Wednesday, January 25, 2012

Good Eats Newsletter - January 25th, 2012

This Week's Vegetable Share Contains:

Yellow Onions;  Adirondack Blue Potatoes; Parsnips; Kohlrabi (speckled on outside, peel and eat, insides are delicious!) and .....

1 Bag of Salad Greens
1 Package Coleslaw Mix
1 Package Frozen Green or Red Peppers

Localvore Offerings Include:
Golden Crops Organic Rolled Oats
Lake's Edge La Luna Cheese
Pete's Kitchen Salsa Roja


Coleslaw Mix Feedback
This week we are including our coleslaw mix for the very first time in the share. We are considering this for a product in stores and would like your feedback! I will send a survey out on Friday with the following questions and room for you to give us any other feedback you see fit.
Overall appearance, is it attractive and appetizing?
  1. Flavor, is the mixture of vegetables well balanced?
  2. Is the shred size good, should it be finer or thicker?
  3. Packaging, is the packaging holding up, would it be attractive in a store with a label on it or does is look odd? Suggestions are welcome if you have any ideas.
  4. What kind of dressings do you prefer for this product, a Classic Coleslaw Dressing or something different like Mexican-Lime Coleslaw Dressing, recipes listed below?
Thanks ahead of time for sharing your thoughts with us!
Spring Share
Sign-up Has Begun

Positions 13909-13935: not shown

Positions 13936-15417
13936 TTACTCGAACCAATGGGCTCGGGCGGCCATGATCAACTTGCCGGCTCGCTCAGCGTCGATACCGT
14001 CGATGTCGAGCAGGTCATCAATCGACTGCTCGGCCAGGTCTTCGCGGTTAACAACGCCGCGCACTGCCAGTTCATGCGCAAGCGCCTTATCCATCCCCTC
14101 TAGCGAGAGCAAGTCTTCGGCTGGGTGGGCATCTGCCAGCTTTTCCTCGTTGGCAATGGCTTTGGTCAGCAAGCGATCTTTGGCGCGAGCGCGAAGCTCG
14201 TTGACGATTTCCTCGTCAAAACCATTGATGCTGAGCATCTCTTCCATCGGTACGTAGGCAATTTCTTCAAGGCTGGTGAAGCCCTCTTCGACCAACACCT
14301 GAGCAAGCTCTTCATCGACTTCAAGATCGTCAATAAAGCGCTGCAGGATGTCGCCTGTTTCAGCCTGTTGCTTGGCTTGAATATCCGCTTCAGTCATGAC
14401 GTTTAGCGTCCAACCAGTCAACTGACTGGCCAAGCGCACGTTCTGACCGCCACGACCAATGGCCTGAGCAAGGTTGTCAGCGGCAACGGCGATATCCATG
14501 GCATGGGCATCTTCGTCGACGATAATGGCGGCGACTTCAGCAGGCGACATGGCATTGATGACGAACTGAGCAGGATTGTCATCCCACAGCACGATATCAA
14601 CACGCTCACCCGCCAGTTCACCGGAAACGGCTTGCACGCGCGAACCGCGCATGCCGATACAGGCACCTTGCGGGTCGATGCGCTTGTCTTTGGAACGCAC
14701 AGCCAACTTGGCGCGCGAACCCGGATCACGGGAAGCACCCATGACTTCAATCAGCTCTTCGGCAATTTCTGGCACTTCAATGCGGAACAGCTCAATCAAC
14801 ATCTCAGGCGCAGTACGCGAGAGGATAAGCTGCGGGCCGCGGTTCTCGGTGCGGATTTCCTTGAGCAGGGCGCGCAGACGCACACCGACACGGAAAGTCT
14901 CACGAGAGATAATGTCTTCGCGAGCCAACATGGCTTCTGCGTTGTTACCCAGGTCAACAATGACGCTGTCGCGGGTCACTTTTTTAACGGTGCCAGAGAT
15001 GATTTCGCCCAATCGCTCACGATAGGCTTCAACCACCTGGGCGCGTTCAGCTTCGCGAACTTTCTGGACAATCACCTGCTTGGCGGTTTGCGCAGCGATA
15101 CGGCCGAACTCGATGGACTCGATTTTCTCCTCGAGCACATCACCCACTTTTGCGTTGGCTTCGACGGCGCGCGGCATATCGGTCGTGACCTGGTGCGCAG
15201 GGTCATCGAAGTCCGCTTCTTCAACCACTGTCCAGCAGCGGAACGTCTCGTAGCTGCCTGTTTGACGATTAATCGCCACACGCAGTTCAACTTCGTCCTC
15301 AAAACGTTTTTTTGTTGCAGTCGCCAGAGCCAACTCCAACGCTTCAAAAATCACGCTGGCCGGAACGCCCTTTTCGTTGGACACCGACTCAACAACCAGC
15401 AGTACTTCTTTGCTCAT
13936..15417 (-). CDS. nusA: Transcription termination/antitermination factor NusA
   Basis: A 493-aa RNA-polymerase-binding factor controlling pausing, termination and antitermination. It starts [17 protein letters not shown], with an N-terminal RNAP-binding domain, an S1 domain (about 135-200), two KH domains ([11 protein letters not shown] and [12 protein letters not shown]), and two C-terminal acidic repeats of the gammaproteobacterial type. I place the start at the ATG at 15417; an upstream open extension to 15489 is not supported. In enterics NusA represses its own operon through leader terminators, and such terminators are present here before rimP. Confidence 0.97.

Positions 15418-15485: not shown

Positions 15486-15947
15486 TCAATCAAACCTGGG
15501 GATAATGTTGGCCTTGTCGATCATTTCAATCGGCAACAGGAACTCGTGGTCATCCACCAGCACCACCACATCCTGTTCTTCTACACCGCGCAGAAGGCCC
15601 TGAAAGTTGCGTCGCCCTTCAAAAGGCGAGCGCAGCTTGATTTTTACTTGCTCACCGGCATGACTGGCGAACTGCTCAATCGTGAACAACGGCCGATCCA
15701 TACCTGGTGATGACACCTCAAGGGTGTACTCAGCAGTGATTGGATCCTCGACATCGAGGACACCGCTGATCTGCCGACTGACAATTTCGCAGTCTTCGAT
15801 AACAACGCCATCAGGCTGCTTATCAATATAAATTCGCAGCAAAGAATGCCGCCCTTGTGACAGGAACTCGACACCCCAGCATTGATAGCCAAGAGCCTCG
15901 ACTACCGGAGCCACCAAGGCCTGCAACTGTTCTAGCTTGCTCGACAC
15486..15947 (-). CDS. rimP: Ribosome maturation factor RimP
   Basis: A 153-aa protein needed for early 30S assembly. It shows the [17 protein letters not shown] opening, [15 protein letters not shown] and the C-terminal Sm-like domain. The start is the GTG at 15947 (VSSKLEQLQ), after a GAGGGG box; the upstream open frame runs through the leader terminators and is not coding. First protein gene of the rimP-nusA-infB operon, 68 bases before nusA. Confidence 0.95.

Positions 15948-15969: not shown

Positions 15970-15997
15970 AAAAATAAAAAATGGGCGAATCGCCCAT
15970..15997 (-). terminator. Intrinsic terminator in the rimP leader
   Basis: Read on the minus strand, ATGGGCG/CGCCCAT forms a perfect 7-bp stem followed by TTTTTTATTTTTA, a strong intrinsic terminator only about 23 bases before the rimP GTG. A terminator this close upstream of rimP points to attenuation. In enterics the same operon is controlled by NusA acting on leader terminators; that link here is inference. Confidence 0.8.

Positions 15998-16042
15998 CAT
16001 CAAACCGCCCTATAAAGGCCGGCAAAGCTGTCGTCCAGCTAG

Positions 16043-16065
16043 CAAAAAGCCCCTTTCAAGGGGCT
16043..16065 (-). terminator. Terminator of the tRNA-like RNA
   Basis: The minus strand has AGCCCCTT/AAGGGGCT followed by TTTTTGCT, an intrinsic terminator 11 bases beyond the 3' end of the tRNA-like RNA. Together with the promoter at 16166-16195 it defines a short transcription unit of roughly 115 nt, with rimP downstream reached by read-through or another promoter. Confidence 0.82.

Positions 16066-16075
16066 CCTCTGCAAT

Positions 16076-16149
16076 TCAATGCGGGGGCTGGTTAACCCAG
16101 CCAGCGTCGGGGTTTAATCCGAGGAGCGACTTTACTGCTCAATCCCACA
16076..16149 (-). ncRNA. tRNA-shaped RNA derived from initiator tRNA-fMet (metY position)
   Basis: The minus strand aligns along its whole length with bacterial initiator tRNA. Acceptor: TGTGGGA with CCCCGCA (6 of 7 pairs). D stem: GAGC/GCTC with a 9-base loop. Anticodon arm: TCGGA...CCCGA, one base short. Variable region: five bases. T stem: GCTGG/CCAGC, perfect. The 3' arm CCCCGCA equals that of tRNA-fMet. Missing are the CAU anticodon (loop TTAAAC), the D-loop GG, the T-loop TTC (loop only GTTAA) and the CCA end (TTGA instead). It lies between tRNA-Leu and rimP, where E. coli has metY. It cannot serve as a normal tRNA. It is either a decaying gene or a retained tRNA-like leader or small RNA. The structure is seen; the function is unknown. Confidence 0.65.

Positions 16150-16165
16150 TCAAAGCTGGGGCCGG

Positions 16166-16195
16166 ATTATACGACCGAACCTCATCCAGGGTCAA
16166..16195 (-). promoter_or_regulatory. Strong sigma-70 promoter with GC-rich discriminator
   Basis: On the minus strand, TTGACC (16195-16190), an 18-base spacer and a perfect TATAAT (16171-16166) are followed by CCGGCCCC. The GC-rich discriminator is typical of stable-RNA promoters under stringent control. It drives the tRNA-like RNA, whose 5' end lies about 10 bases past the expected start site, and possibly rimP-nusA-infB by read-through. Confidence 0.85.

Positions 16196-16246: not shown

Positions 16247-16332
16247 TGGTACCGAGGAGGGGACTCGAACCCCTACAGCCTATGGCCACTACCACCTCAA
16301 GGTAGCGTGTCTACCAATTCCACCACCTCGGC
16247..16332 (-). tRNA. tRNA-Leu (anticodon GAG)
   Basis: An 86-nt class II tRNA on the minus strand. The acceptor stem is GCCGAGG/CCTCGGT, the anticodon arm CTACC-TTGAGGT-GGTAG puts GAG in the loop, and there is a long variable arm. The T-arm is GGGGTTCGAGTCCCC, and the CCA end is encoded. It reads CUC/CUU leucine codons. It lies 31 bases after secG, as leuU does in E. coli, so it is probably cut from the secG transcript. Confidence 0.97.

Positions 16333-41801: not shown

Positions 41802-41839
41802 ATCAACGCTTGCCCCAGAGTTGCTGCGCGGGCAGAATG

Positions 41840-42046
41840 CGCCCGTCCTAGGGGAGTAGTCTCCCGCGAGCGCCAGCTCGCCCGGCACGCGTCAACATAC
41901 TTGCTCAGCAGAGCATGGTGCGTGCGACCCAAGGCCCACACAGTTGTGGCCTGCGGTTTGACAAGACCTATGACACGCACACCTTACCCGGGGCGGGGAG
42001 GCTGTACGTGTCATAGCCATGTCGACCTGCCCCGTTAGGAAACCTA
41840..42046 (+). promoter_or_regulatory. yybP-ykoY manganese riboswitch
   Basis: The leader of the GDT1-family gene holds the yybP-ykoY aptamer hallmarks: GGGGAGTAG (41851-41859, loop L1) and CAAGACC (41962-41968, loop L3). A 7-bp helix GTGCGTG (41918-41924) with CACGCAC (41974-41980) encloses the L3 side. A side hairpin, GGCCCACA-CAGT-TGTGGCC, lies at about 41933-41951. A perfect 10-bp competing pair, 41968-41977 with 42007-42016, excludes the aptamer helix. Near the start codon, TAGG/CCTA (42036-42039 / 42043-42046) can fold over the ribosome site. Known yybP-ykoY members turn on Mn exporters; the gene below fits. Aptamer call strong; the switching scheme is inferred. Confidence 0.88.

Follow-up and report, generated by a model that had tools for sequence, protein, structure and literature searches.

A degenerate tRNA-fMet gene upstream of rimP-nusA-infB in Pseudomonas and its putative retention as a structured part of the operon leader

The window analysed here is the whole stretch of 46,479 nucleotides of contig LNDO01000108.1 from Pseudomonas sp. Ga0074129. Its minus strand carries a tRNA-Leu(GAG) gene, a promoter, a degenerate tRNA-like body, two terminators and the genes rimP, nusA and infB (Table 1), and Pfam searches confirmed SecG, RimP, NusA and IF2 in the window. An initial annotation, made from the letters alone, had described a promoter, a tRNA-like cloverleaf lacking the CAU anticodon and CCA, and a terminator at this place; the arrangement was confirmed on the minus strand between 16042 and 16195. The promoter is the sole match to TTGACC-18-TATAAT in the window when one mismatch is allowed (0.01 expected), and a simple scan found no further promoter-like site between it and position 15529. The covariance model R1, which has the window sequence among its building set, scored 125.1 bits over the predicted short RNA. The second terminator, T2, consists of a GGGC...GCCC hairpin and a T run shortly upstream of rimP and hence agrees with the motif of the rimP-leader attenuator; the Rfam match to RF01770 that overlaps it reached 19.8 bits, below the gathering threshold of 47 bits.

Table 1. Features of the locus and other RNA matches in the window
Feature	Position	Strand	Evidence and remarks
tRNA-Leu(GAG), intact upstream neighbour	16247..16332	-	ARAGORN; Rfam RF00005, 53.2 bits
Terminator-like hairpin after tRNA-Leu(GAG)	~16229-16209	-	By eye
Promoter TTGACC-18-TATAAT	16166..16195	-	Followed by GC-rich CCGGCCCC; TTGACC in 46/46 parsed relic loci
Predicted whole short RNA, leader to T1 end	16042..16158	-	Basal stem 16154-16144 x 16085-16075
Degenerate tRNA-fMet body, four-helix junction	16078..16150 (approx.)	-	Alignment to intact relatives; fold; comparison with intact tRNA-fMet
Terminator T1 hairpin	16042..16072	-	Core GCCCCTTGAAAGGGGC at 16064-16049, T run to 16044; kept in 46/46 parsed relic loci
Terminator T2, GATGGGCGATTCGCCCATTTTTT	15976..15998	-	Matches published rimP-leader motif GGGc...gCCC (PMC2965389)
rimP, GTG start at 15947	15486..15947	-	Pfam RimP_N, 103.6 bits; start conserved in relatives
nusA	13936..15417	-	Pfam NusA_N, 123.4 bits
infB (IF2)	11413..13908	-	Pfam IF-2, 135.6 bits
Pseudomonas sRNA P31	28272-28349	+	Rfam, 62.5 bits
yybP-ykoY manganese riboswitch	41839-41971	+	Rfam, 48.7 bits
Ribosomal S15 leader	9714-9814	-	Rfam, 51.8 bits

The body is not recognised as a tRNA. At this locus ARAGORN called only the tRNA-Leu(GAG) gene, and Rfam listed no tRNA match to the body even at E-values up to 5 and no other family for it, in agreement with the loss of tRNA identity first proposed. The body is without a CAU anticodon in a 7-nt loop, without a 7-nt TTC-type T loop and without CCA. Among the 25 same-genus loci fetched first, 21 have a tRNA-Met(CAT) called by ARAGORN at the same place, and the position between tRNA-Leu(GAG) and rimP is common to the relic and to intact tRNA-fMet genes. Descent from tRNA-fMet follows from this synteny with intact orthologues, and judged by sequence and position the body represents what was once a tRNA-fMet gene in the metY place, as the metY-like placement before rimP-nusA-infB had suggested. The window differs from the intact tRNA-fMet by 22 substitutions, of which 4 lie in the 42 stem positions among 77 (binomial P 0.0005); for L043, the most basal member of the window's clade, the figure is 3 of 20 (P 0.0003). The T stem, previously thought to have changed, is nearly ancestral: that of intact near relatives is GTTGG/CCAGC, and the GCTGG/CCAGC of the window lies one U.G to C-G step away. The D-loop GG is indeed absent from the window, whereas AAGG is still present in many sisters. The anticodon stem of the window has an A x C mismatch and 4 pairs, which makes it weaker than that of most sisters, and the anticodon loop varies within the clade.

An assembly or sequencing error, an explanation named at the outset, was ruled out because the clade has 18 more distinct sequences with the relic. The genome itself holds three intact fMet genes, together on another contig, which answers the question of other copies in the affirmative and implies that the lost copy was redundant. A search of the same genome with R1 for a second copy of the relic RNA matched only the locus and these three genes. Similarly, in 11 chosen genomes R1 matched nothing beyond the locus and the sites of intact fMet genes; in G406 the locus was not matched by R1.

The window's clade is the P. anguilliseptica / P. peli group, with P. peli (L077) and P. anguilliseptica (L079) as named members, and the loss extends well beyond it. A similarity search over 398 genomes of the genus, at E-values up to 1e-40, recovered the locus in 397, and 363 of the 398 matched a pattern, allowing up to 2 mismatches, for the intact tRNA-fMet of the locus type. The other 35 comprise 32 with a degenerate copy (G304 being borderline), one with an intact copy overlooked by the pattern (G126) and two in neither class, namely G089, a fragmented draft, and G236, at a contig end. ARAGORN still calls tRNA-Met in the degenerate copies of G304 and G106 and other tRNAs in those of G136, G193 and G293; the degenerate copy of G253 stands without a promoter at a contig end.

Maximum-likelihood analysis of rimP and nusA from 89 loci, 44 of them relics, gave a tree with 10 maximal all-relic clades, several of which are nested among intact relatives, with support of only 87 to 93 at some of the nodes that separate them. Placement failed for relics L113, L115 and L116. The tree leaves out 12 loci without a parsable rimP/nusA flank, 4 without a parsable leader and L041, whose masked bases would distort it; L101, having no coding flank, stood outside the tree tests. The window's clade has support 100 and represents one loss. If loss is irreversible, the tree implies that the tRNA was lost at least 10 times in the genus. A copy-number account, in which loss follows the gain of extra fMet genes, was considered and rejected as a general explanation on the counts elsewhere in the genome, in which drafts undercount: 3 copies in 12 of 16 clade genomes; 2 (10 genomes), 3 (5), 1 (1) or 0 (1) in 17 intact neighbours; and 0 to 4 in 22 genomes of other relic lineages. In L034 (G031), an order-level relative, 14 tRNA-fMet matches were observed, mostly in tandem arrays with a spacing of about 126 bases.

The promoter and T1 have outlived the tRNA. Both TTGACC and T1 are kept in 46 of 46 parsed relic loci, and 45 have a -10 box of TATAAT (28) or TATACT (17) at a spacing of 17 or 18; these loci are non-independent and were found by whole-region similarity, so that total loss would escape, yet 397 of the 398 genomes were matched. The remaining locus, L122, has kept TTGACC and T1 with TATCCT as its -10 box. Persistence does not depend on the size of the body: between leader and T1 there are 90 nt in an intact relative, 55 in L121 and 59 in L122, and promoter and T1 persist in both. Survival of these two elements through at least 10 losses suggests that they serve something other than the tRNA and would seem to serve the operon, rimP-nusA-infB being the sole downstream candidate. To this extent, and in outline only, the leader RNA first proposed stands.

Share Runs
February 22nd - June 13th
That is 17 weeks of
Good Eats!

Early Birds get 2011 Pricing - Sign up by
Feb 1st, next Wed!

The Spring Share
begins in just 4 weeks!

Sign-up now to reserve your share of fresh, organic, Vermont grown goodness and the localvore staples you love.

NEW - Sign up online! We are now offering an online sign up for the share. Simply fill out the online form and mail your payment.

Go to our Spring Share page
for more details or to download an order form.
Pete's Musings

I had a fun morning making beautiful coleslaw with Heather and Jackson. Lots of different colors from the purple cabbage and multi colored carrots, we hope you enjoy it and please let us know what you think. 

What is the most difficult issue for a diversified organic veggie farm in the northeast? Easy answer.... weeds. The combination of diversity (lots of different crops many of which have different weed control strategies), ample moisture to continuously germinate new batches of weeds, and the extremely rapid growth rate of weeds and crops when it gets hot and humid makes it a real challenge. We have an assortment of tractors that we use for weed control but none have been quite what we want. So this winter we set out to design and create exactly what we want.